). Thus, while mapping CST dysconnectivity across different stages of psychosis can help to identify candidate causes or consequences of DA dysregulation, the precise relation between DA function and FC is yet to be established.
      Another consideration is that comparisons of findings across different studies, cohorts, and illness stages should not be over-interpreted. Differences between studies may be driven by variations in statistical power, the clinical characteristics and medication exposure of patients, data processing strategies, analytic methods, and publication bias. Such influences underscore a need for the recruitment of large, longitudinally-followed samples. We propose that future research should focus on high-resolution characterization of the psychosis phenotype, across all levels of the continuum. Within clinical groups, there is evidence to suggest that positive, negative, and disorganized symptoms can be further differentiated into multiple subdimensions (
      • Corlett P.R.
      • Taylor J.R.
      • Wang X.J.
      • Fletcher P.C.
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      ,
      • Strauss G.P.
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      • Ahmed A.O.
      • Barchard K.A.
      • Granholm E.
      • Kirkpatrick B.
      • et al.
      The Latent Structure of Negative Symptoms in Schizophrenia.
      ). These distinctions are rarely addressed in fMRI research, which mostly focuses on associations with symptom scales that aggregate across diverse domains, such as total symptom scores. Differentiating between the various sub-domains of these symptom dimensions may reveal distinct neurobiological correlates, and detailed work is now beginning to characterize the putative computational processes and neural circuitry involved in specific symptom domains such as delusions (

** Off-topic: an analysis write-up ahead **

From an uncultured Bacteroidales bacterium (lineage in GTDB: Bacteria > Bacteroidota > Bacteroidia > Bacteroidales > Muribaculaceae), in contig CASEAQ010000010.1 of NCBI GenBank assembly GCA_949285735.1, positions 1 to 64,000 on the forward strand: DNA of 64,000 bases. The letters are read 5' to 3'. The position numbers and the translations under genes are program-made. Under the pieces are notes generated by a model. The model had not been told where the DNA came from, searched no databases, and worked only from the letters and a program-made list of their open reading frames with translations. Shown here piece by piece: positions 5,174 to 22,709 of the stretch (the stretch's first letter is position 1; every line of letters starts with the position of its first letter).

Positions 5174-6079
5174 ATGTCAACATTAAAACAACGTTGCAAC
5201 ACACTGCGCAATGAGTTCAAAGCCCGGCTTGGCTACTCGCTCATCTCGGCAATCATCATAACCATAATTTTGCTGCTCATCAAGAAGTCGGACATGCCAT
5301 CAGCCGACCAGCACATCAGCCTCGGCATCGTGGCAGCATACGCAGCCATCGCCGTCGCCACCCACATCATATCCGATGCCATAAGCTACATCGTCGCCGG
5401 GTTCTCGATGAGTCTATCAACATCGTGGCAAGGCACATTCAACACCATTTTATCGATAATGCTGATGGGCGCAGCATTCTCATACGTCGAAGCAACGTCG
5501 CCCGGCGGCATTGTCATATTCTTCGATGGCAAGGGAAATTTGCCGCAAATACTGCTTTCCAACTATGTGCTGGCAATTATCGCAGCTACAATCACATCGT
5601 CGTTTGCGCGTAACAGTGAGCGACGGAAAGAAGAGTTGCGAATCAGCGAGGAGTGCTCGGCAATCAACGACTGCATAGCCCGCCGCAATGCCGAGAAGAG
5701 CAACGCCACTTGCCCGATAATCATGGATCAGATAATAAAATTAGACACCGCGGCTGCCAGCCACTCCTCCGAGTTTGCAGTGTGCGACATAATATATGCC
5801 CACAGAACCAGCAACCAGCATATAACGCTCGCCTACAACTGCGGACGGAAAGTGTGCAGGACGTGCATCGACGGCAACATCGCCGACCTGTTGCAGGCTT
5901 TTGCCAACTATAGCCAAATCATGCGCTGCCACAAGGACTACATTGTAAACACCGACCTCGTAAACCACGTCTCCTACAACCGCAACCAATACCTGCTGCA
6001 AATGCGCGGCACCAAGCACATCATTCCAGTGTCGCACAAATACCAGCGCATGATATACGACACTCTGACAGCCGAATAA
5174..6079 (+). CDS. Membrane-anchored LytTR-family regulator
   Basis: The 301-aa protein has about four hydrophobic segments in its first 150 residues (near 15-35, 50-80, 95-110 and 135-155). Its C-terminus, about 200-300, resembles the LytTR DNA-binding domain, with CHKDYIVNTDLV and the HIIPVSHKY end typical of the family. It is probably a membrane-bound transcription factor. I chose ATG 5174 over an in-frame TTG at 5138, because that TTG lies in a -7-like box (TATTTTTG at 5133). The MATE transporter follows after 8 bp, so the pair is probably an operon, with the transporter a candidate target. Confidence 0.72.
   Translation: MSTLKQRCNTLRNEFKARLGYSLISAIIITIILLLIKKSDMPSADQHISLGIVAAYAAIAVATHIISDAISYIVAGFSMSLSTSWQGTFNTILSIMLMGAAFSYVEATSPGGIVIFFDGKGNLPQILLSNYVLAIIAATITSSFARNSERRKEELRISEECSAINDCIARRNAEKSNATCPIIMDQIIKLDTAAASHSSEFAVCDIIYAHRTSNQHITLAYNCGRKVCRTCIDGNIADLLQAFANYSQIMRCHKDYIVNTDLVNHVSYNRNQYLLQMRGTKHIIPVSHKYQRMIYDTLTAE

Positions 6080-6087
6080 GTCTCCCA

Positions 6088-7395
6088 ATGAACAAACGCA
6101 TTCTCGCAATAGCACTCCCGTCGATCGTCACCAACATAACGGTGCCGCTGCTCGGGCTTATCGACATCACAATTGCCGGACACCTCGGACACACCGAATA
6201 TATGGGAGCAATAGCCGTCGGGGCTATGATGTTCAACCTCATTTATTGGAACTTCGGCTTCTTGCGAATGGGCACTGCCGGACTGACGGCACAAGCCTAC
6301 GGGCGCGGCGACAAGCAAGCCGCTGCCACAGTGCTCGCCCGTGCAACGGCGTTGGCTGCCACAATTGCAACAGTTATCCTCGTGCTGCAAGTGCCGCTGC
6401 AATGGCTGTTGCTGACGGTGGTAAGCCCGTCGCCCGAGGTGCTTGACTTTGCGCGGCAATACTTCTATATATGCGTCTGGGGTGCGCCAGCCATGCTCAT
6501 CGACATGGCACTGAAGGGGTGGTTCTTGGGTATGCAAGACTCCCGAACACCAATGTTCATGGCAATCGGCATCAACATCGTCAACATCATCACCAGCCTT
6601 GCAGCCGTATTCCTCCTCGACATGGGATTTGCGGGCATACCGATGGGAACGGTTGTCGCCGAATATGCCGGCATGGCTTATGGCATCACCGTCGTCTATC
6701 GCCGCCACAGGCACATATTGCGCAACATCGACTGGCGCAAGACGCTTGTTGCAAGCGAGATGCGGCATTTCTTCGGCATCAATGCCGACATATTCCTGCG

• Corlett P.R.
      • Taylor J.R.
      • Wang X.J.
      • Fletcher P.C.
      • Krystal J.H.
      Toward a neurobiology of delusions.
      ), hallucinations (
      • Cassidy C.M.
      • Balsam P.D.
      • Weinstein J.J.
      • Rosengard R.J.
      • Slifstein M.
      • Daw N.D.
      • et al.
      A perceptual inference mechanism for hallucinations linked to striatal dopamine.
      ), and particular negative symptoms (
      • Maia T.V.
      • Frank M.J.
      An Integrative Perspective on the Role of Dopamine in Schizophrenia.
      ,
      • Jeganathan J.
      • Breakspear M.
      An active inference perspective on the negative symptoms of schizophrenia.
      ).
      The same approach could be extended to subclinical aspects of the psychosis continuum, given that they are phenotypically continuous with clinical psychosis (
      • Kotov R.
      • Jonas K.G.
      • Carpenter W.T.
      • Dretsch M.N.
      • Eaton N.R.
      • Forbes M.K.
      • et al.
      Validity and utility of Hierarchical Taxonomy of Psychopathology (HiTOP): I. Psychosis superspectrum.
      ,
      • Tiego J.
      • Lochner C.
      • Ioannidis K.
      • Brand M.
      • Stein D.J.
      • Yücel M.
      • et al.
      Measurement of the problematic usage of the Internet unidimensional quasitrait continuum with item response theory.
      ). Indeed, evidence for genetic and environmental aetiological continuity between subclinical and clinical psychosis suggests that a unified model of subclinical and clinical symptom expression may prove useful (
      • Ettinger U.
      • Meyhöfer I.
      • Steffens M.
      • Wagner M.